This is good. See? You’re not a pussy! Yeah. It’s like the jalapeño. You got this. The cream cheese is dancing…in…my…mouth…oh…my…god!
My tongue went numb. I couldn’t breathe. My chest, face, ears, skull turned bright red. I felt the entire tiny pepper as it traveled down my esophagus; an angry, flaming meteor as it splashed into my stomach.
Instead of a party, it’s 3 am and a bunch of angry drunks decided to torch the bar. In my body.
Even my tears were spicy. I put my elbows on my knees and start taking deep breaths. My lab mates tried not to laugh at my pain, but I couldn’t blame them. I would be laughing at me if I could produce sound. They offered me whatever they had available: soda, water, juice. Nobody had milk, but I do remember somebody handed me a cup of yogurt. Someone offered to go to the cafeteria to get milk. But I had too much pride. This was my problem.
Slowly, I could breathe again. But, the pepper had a long way to go. A small intestine is nearly 20 feet long. I was certain that I was burning every one of the villi from my intestinal wall. I walked back to my desk, doubled over in pain. I rocked back and forth in my chair, asking myself why I did such a stupid thing.
After some time, I was able to resume working. I thought it was over. I got through it. But, I was wrong.
I dashed to the bathroom, as fast as I could without accidentally farting the contents of my bowels on to the lab floor. I ran into a bathroom stall, hoping I was the only one around. There was no way I wanted to subject anyone to what was going to come next. What goes in…well, you know the saying.
Part III: The Aftermath:
Since The Habañero Incident, I found that my heat tolerance is even higher than before. I can eat Chef’s Special Dry Chili Chicken with green tea. It’s fantastic when I have a sinus infection or cold, and I can still taste the flavor of the chicken. I add jalapeños to my soups, and Rooster Sauce is a staple in our house. I still avoid habañeros; I think my butthole has PTSD.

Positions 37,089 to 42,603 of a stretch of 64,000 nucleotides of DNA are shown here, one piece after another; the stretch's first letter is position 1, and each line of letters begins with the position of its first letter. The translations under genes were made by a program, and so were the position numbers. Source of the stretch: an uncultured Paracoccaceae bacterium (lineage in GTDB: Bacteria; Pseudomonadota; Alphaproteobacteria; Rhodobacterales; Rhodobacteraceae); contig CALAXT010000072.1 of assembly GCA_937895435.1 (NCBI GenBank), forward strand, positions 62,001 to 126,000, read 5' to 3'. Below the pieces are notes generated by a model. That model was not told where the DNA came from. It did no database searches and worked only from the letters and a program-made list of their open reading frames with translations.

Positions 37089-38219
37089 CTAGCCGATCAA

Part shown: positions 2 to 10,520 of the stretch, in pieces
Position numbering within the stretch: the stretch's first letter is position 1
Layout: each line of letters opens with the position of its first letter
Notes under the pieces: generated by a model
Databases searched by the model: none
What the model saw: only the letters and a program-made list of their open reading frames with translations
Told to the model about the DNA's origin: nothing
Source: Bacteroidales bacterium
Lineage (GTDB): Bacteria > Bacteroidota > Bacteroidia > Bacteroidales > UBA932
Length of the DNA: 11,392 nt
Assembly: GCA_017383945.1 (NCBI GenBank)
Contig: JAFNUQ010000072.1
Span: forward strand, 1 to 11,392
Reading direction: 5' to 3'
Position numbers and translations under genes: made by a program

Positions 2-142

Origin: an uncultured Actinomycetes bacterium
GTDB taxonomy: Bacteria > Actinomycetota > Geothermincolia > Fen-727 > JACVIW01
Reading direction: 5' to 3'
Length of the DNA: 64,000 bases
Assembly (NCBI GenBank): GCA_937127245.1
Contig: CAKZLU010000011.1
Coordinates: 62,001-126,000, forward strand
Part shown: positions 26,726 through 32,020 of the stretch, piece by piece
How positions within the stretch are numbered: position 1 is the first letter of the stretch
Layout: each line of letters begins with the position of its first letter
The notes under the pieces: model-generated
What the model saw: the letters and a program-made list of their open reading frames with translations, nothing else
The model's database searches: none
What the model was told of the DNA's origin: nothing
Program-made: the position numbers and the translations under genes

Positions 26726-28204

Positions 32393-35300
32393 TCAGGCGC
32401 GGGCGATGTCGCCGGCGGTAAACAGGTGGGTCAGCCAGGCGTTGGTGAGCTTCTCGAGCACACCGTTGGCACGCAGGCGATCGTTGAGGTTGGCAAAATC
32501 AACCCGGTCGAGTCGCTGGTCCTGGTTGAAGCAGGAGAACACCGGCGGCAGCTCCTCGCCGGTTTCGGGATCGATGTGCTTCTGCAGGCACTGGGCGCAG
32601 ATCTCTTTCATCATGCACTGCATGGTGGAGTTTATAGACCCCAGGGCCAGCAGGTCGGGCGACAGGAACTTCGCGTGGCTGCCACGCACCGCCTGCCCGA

Since The Habañero Incident, friends in the lab have left for other jobs both inside and outside academia. I went down to part-time so I could attend school. New people came in from different labs, and made the break room their lunch home. Some became so busy that lunch is often a rushed moment in front of the computer. It’s not the same anymore. But, when we do eat together, Ryan, Mike, and I will still share our food…and jokes…and stories. And we have a good laugh about The Incident.
The Chi-Chi’s near Southridge Mall closed a long time ago. In fact, every Chi-Chi’s in the United States has closed, due to a combo platter of Hepatitis A and bankruptcy. I will never get to try the fried ice cream. Not that I would want to now.
At Mom and Dad’s house last Christmas Eve, we all gathered around the dinner table for Taco Night. We still had bowls of chopped onions, iceberg lettuce, and tomatoes. But, instead of ground beef with the powdered flavor packet, we had shredded chicken in the Crock Pot. Instead of stale taco shells and burritos the size of your face, I brought fresh corn tortillas, queso fresco, and house-made chorizo from the market near my house in Chicago. We assembled our tortillas around the table. The chicken was flavorful and the chorizo was spicy. It was great to be home.